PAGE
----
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Oak Ridge Plans Petaflop Supercomputer

OAK RIDGE, Tenn. Oak Ridge National Laboratory, birthplace of the atomic bomb, will launch a petaflop-sized supercomputer by the end of the decade to cope with spiraling demands for computing power at the high-profile research site.

Speaking at the High Performance Computing User Forum at Oak Ridge today, Thomas Zacharia, the lab’s associate director, said the site’s current systems, which have a capacity of around 43 teraflops, are being stretched to the limit. The scientist told NDCF that that the lab is “constrained” by the size of these machines, particularly when it comes to the atom simulations needed to support its energy research.

A petaflop is equal to a thousand trillion operations per second. This is three orders of magnitude more powerful than a teraflop, which is a trillion operations per second.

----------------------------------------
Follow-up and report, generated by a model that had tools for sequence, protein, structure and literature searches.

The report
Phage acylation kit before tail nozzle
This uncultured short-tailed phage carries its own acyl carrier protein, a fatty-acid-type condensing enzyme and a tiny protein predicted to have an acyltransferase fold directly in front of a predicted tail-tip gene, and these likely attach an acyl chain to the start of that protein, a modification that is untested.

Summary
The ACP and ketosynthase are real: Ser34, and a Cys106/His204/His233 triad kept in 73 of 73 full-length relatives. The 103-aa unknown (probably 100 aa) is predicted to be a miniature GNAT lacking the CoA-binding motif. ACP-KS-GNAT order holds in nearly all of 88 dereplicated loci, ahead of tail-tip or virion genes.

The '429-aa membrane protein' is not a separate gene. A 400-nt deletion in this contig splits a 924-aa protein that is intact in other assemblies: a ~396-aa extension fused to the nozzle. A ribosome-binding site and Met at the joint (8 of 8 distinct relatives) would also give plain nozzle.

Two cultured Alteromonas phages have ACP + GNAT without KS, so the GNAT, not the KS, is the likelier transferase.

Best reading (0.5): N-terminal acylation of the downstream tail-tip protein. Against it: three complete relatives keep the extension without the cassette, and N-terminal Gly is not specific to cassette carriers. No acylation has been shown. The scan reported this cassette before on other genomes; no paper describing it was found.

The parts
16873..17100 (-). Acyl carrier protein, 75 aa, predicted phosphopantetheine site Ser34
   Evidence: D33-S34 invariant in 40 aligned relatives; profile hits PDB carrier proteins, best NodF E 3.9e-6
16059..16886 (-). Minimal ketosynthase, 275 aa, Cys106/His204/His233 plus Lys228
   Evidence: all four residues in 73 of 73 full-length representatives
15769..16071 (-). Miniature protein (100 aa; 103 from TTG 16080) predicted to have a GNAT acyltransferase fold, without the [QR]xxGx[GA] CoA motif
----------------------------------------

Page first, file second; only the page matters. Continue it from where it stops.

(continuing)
The new, as yet unnamed, supercomputer will blow the doors off other high-performance systems. The top supercomputer in the world is currently a 136.8-teraflop IBM Corp. (NYSE: IBM) Blue Gene/L system at the Lawrence Livermore National Laboratory. (See IBM Dominates Supercomputing and Invasion of the Coneheads.)

Zacharia adds that Oak Ridge’s technology needs are growing right across its research, from climate change through to astrophysics. “Every time we solve a bottleneck, another bottleneck comes up,” he says. “Our scientists need more resources.”

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